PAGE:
Philip Hammond is preparing his November 22 Budget against a tough backdrop, as sluggish productivity eats into growth forecasts and with Brexit stifling investment © Getty

Philip Hammond, the chancellor of the exchequer, is considering announcing a freeze on tax thresholds in next month’s Budget as he looks to fill an £8bn hole in the public finances.

The proposal emerged after photographers in Downing Street snapped an “unknown” politician or official entering 11 Downing Street, the chancellor’s residence, with a partly covered document discussing options for freezing the points at which people start to pay money to the government. These had been set to rise later in this parliament.

The Conservatives promised in their manifesto to raise the income tax threshold to £12,500 by 2020, up from its current rate of £11,500.

They have also promised to increase to £50,000 the point at which people begin paying the higher 40p tax rate by 2020, up from £45,000 now. However, Mr Hammond could still honour both promises while saving billions of pounds over the parliament.

One option, which appears to be floated in the partially obscured document captured by Political Pictures, would be to meet the 2020 manifesto commitment but then to pre-announce a freeze thereafter until the end of the parliament in 2022.

The Treasury declined to comment. But Torsten Bell, director of the Resolution Foundation, said such a move would save Mr Hammond “in the low billions a year” because the Treasury would not uprate the threshold in line with inflation.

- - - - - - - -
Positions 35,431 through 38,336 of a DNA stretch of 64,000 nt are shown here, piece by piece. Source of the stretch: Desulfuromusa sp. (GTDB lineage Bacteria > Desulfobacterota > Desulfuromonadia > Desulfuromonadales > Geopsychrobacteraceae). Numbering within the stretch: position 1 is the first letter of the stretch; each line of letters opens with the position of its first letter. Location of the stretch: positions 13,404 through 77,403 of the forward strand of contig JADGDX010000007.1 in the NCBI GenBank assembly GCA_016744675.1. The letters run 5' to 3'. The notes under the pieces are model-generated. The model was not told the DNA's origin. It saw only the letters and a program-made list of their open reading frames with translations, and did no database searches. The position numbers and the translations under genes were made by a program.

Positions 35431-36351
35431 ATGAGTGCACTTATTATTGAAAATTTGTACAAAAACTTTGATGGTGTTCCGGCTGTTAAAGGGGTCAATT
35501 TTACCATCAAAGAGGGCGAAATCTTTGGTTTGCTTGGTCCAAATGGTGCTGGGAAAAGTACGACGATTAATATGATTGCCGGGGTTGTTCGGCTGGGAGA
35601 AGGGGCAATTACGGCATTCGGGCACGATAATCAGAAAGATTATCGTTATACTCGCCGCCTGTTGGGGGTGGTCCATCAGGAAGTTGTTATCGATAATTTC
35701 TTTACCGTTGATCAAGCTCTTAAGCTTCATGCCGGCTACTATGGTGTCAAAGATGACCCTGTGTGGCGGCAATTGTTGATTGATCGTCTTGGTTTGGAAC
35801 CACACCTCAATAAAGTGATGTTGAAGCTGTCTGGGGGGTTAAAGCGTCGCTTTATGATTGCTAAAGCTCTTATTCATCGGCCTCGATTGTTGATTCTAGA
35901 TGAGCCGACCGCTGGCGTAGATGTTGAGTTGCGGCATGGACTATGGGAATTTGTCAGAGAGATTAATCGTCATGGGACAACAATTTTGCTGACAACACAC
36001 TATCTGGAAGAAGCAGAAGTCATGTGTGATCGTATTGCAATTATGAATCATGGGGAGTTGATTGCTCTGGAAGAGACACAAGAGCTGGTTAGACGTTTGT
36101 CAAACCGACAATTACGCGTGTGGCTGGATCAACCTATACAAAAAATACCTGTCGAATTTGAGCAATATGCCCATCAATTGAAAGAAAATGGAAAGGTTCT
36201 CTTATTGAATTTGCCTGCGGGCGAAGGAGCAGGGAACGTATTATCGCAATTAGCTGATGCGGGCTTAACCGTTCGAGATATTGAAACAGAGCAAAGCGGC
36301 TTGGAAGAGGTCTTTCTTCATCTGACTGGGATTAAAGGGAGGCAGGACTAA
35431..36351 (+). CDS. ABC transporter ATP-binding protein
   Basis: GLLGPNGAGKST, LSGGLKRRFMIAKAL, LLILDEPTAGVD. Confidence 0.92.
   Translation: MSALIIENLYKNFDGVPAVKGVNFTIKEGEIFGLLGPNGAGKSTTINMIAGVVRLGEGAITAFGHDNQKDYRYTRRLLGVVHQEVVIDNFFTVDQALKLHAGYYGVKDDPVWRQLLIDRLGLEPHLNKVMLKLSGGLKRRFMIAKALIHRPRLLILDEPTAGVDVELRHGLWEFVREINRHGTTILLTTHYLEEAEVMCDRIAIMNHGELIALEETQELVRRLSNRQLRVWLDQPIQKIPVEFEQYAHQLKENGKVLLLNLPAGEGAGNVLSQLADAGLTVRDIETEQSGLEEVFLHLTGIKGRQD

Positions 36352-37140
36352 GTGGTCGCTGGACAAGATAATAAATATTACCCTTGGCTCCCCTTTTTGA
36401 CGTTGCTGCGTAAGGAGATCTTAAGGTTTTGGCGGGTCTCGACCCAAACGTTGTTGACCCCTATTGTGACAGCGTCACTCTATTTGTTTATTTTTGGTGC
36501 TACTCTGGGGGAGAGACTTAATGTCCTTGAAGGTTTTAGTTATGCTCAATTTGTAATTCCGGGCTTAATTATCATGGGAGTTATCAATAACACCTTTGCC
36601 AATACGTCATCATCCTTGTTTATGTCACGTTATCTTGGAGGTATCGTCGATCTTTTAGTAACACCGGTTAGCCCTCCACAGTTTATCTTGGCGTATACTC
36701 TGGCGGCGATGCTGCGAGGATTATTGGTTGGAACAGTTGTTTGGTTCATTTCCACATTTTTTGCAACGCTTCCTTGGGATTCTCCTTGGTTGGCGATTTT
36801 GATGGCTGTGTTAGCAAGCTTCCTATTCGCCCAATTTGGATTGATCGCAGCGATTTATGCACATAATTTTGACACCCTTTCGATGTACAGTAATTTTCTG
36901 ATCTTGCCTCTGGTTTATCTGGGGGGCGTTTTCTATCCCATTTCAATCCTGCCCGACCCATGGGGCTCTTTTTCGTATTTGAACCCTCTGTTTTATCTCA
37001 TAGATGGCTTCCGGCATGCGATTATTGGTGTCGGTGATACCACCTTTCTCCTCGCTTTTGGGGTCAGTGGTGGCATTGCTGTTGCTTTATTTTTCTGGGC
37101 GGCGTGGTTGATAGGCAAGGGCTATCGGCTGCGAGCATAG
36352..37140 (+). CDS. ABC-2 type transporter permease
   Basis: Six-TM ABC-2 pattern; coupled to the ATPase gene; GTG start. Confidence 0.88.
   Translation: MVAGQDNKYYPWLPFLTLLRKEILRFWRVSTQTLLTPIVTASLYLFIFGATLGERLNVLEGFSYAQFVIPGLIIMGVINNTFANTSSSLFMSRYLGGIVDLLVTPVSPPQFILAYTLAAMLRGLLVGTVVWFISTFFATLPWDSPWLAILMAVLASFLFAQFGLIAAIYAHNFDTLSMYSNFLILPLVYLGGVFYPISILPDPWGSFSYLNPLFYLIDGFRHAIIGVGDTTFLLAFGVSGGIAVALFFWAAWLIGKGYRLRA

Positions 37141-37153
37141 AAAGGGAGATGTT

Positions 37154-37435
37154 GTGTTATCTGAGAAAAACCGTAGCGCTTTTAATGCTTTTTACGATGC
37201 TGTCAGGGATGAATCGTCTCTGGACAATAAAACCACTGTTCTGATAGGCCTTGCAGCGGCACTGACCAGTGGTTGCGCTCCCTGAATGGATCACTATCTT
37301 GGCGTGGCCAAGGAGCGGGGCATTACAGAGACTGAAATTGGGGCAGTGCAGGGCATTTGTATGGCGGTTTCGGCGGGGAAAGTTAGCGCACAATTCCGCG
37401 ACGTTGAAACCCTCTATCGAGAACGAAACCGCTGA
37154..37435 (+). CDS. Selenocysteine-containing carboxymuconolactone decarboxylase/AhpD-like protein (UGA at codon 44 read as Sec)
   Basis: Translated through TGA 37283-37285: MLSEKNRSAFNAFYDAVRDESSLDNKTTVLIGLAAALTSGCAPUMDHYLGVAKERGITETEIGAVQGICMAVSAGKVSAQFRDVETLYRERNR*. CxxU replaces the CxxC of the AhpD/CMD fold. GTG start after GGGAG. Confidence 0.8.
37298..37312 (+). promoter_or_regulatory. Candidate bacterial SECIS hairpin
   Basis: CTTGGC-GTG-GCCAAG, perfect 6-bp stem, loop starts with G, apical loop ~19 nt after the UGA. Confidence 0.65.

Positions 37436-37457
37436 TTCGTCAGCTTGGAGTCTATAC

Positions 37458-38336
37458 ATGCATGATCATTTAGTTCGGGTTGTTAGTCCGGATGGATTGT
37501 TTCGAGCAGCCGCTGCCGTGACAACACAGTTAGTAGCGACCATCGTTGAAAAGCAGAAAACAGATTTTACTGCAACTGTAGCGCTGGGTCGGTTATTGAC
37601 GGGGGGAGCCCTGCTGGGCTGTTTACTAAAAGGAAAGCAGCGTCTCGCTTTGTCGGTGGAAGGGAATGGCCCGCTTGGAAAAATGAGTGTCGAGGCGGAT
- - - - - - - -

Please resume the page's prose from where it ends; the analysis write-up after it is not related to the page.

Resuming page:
Another money-saving option would be for Mr Hammond to freeze the thresholds now — or increase them only in line with inflation — and make a single “jump” to the manifesto target in 2020. That would also save money in the intervening years.

Mr Bell said he was “reassured” that the Treasury was considering such a move. “It would be good for the tax base, it would be progressive, and it would start to undo some of the damage done to the tax base caused by big income tax cuts the country didn’t need and cannot afford.”

Although the bearer of the briefing note was not identified, there was speculation that it may have been a junior minister in the Treasury. The blue cover of a briefing pack was folded back to reveal some contents.

It included snatches such as “manifesto and then freeze it thereafter …” and “and then freeze at £12.5k” and “then freeze at £50k”.

Mr Hammond is preparing his November 22 Budget against a tough backdrop, as sluggish productivity eats into growth forecasts and with Brexit stifling investment.

He also has an £8bn hole to fill over the lifetime of the parliament, including the £1bn offered to the Democratic Unionist party by Theresa May to assemble a Commons majority, £2bn from the abandoned plan to raise national insurance rates for the self-employed and promises on student fees and housing.

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